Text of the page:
History teaches us that waves of technological change have transformed our human societies and quality of life has gained a lot with these processes. The current digital revolution has the power to do so once again.
In the Charter of Fundamental Rights of the European Union we can read that EU nations are committed to ensure “a high level of human health protection in the definition and implementation of all Union policies and activities”. This is why health remains one of the main challenges of the European Union and should be in my view our first political priority.
It is evident that European Union could provide more added value in this area and digital transformation of our healthcare is a reality decision-makers and patients alike are starting to face on a daily basis. Citizens should feel that all Member States work together for more health in general and for more eHealth in particular.
Several years ago we agreed to apply health for all and in all policies. Although we know that healthcare is largely a national competence, this should not turn us away from working together towards better coordination and support in addressing health challenges.
In the effort to help its member countries to coordinate their strategies to protect public health, the Council adopted in 2009 a series of recommendations regarding measures designed to improve patient safety in Europe and ensure equal safety standards to all the EU citizens. However, despite such positive commitments, patient safety standards and the implementation of national strategies to reduce harm still vary widely across the EU.
Unsafe care has not only consequences for patients’ health and EU citizens’ trust in healthcare systems, but also a significant impact on our economy. But the thing to keep in mind is that most of the healthcare associated infections and other adverse events occurred in hospitals are preventable. As policymakers we must take the lead in supporting Member States to protect patients from preventable harm and boost prevention in healthcare setting.
Reliable eHealth solutions might ensure more personalized and citizen-centric healthcare services and, therefore, preventing errors and avoidable harm. However, uneven development of eHealth solutions within the Member States remains an obstacle in providing to all EU citizens with personalized healthcare and innovative safety measures.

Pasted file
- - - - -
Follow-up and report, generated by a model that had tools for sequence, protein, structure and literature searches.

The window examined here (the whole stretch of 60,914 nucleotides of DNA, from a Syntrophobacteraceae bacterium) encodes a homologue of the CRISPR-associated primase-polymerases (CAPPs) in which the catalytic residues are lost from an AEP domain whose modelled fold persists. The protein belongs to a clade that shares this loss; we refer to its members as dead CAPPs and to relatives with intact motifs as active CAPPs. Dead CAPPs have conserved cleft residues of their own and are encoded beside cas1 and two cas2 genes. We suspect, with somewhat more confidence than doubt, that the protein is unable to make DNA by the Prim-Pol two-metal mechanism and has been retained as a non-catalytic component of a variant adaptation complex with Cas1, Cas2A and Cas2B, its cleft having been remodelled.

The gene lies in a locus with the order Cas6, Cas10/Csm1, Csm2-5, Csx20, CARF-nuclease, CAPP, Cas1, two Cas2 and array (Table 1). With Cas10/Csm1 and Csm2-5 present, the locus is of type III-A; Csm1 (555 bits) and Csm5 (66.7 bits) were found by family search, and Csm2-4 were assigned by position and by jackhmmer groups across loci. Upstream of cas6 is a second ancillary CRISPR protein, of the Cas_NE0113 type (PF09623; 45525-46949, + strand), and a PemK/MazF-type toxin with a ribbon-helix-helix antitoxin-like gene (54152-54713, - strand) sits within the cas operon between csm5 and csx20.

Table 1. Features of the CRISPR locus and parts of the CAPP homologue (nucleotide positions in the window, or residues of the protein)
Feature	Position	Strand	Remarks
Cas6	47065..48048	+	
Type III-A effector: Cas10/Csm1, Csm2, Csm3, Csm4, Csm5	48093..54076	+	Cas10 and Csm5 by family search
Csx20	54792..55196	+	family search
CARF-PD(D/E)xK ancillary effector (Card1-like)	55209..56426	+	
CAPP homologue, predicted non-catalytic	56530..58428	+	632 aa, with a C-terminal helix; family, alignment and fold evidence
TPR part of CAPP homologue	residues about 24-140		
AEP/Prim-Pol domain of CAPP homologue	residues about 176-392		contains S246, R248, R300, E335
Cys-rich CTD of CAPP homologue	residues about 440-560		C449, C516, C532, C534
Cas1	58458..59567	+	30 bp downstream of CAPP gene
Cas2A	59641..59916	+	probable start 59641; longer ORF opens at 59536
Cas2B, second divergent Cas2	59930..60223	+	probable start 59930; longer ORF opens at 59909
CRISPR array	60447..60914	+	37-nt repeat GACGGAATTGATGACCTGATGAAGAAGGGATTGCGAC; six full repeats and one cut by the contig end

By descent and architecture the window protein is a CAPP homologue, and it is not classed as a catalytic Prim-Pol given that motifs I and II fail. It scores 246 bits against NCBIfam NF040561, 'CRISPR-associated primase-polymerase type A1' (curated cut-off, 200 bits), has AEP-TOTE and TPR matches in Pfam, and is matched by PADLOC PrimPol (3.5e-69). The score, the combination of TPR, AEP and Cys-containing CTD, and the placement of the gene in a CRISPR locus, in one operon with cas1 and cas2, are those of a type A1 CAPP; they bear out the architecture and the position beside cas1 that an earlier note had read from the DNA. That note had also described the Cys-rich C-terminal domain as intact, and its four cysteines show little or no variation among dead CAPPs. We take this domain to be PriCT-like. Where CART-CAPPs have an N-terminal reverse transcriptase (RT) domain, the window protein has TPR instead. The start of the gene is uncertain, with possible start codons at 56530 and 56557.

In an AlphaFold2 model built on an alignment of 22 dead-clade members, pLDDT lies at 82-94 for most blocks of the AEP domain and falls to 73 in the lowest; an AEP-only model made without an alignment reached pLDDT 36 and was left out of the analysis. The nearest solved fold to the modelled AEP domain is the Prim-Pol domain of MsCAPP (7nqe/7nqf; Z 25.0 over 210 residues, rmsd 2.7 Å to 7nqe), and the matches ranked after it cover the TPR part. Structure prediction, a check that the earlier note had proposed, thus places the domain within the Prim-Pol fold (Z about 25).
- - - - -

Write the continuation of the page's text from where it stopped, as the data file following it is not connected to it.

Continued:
These facts leave us with the core question of challenges we have to cope with in order to enable development of eHealth and digital transformation of health-care systems from the point-view of patient safety.
When we look at the implementation of eHealth solutions in healthcare settings, like ePrescriptions, electronic patient records and cloud-based health information management systems, we see that they vary significantly across Member States’ healthcare settings, with some areas virtually excluded from eHealth access and benefits. We also have difficulties to measure eHealth solutions benefits to patient safety. Therefore, more research and studies are needed.
In 2010, the European Commission published a report on the socio-economic impact of interoperable Electronic Health Records and ePrescribing systems in Europe. For all cases analyzed, the socio-economic gains to society from those systems greatly exceed the respective costs.
We can be sure that patient safety will benefit from a truly European scheme which would aim to consolidate and share science-based data regarding adverse events. Only if we have a clear data on errors we can build a European strategy to prevent adverse events and tackle faulty systems and conditions that lead people to commit mistakes or shortage of prevention.
To improve interoperability of our healthcare systems we must decide how research and health data are going to be exchanged between Member States. The free flow of data in research is already having a positive effect scientific on collaboration and achievement of results.
Missing or insufficient digital infrastructures is another challenge. We need it to facilitate digital transformation in healthcare. With a secure supporting infrastructure, digital health data can significantly advance research, improve safety, disease prevention and personalized healthcare.
But we should also never forget why are we taking this direction. Digital revolution in healthcare must never be only about technology and numbers. Each patient and healthcare professional must remain in our focus.
This is why it is essential to explain to people to what extent eHealth solution can facilitate patients’ access to their medical dossiers as well as provide useful information on the legal rights in case of adverse events. We are still missing guidelines on the right to information.
Lack of users’ awareness is also a challenge we should put on our priorities list. The use of eHealth solutions by both consumers and healthcare professionals is going to change the way they deal with health and the professional practice. Therefore, it is important to raise awareness among citizens and boost eHealth training for healthcare professionals. They must be educated about the nature and purpose of the eHealth solutions and any potential breaches of data protection, also by increasing their digital health literacy.
Patient safety within healthcare is the absolute precondition for preventing errors and adverse events. As policymakers we need to provide a supportive policy framework for eHealth solutions to be fully and safely developed in order to foster more involvement of patients in the care processes. We must ensure that any innovative solution aims primarily to the safety of the patients and to the reliable and secure use of these new technologies.
(My speech at the Health First European Round table, December 5th 2017)